Raped at thirteen, a goofy, silly girl, unable to defend herself or shed the shame. Locked up and bullied in one hospital after another, until her trust in authority figures was broken. Stressed out, pushed along through high school and college, forced to pretend that she was in complete control, that she had this, that she could get past it. Betrayed by her bosses at the university after all her hard work, belittled for the very condition she couldn’t control—for the one part of her ambitious existence that she had carved out to belong to her, that was nobody’s business but hers. And then, the baby, her own little butterfly baby, with its own light, perfect heartbeat . . .

Yes, I could understand why she couldn’t do it.

“Well . . . Maybe it’s just not time yet for your memoir,” I said awkwardly. “It’s something that can wait until you’re ready.”

Elena looked back at the view outside. Her brows were furrowed. She was chewing on her lip.

“I just wish,” she said, “that you could help me.”

And that pain seared through me again.

“I—I just think that it isn’t my book,” I said. “It’s not what I’m good at, not at all, it’s the way you think, it’s what you do well. I’m right here, though. I’ll read what you write. I can help you write it . . .”

Elena’s expression didn’t change. “Sure,” she said, and she let the matter drop.

Text copyright 2015 by Clare B. Dunkle; text courtesy of Chronicle Books. Photo of the San Francisco skyline from the shore near Fort Baker copyright 2016 by Joseph Dunkle. To read my latest blog posts, please click on the “Green and Pleasant Land” logo at the top of this page.

Posted in Anorexia nervosa, Elena Vanishing, Writing craft | Leave a comment

Pulled in Too Many Directions

Duck family near Arnhem, The Netherlands

My memoir, Hope and Other Luxuries, tells about my attempts to cope with my daughter Elena’s anorexia nervosa. But it also tells the story of my creative life from the beginning of my writing career. I’ve decided to share those sections of my memoir that deal with creativity, writing, and publishing here on my blog.

This excerpt, from page 304, follows closely on the last one. I was struggling to complete any writing at all while I watched my daughter becoming dangerously ill. But my publishing house and I were trying to complete work on The Walls Have Eyes. I had deadlines. The work had to get done. To this day, I can’t reread The Walls Have Eyes without feeling nightmarish amounts of anxiety and guilt.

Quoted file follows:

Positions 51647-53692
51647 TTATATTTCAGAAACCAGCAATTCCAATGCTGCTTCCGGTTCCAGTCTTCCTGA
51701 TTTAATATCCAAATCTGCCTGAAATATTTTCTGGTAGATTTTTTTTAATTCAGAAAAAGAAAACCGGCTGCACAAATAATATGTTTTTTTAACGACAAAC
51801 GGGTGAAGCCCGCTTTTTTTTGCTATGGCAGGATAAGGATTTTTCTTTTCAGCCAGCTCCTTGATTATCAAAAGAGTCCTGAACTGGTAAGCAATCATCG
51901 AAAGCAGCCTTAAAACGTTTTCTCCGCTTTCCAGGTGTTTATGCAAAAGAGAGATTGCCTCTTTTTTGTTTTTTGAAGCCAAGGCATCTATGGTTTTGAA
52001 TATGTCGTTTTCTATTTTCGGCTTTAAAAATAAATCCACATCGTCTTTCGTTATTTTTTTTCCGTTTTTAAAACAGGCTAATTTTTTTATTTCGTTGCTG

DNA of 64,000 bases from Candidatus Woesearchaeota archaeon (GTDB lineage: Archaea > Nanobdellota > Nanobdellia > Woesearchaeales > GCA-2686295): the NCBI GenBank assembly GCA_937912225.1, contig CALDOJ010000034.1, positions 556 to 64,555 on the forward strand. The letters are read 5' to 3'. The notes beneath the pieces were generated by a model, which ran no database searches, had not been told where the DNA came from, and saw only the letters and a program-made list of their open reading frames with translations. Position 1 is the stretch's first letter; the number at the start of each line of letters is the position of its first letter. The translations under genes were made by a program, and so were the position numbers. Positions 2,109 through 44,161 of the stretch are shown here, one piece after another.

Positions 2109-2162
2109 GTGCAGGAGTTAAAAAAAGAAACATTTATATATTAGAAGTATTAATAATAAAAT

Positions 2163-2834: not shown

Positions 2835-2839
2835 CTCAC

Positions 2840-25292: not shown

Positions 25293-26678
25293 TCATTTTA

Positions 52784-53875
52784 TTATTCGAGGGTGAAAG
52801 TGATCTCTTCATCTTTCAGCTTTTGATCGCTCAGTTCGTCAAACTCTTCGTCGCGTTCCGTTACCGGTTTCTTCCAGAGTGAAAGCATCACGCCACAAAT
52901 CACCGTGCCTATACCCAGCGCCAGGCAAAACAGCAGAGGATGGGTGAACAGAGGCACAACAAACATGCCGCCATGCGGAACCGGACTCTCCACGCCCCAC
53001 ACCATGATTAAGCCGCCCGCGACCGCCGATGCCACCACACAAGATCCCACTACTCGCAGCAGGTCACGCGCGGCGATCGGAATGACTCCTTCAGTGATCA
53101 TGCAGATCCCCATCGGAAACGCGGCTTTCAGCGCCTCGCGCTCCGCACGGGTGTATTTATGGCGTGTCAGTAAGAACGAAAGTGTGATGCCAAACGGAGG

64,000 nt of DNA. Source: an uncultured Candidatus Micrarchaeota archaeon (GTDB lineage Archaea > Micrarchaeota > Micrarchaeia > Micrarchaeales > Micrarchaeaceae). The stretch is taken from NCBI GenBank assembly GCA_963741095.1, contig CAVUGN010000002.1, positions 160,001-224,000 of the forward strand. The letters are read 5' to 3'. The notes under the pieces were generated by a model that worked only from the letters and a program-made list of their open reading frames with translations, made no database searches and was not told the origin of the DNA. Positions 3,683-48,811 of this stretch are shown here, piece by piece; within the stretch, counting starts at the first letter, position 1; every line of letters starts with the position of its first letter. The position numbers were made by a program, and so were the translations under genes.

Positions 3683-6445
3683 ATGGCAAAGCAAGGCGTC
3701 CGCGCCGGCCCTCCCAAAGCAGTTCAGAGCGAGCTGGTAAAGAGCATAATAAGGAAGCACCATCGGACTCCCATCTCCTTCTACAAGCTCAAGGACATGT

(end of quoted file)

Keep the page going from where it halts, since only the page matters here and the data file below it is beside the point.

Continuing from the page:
Elena and I sat and chatted and swapped favorite songs and YouTube videos for half a happy hour or so. Then she gave a yawn. “I’m going to go lie down,” she said. “I’ve been up since four, studying.”

“How about letting me fix you a little lunch,” I offered. But I already knew what the answer would be.

“Nah, not right now. Later.”

Later . . .

That meant never.

“I could do with a break,” I said, following her across the living room. “How about a Sherlock Holmes?”

Elena and I both adored Jeremy Brett as Sherlock Holmes. As far as we were concerned, he had been genetically engineered to play that role.

“Okay,” she said. “But I get to pick which one.”

“Caramel corn?” I offered, turning back to the kitchen.

“Yeah!” she answered.

Yes! I thought. A win! And I sprinkled the caramel corn into two bowls with a generous hand—even though I knew I would be the only one to finish mine.

Sometime later, my daughter finally headed off to bed, and I returned with the stacked bowls to the kitchen. I snacked on the rest of her caramel corn while I opened up my laptop again. Martin’s story was going through final edits, under deadline. I had to do my writing!

I opened up the file again, stared at the black letters against white, and waited for my imagination to bring me the right film. I waited while it flitted through scenes of YouTube kittens and the Sherlock Holmes episode. He was brilliant! That nervous twitch, the sudden turn of the head away from the villain . . .

Now I was seeing the interior of the pantry. Was there anything in there that maybe Elena would eat later tonight?

I closed my eyes and took a long, calming breath.

Finally, the turbulent rush of images stilled, and I could focus on the text again. I was in a dusty room. Martin had a lump in his throat. He was hugging his dog . . .

“Mom!” Elena yelled from her bedroom. “The cat peed in here again, all over my pillows!”

And poof! Martin was gone.

“You’ve got to keep your door shut!” I called back.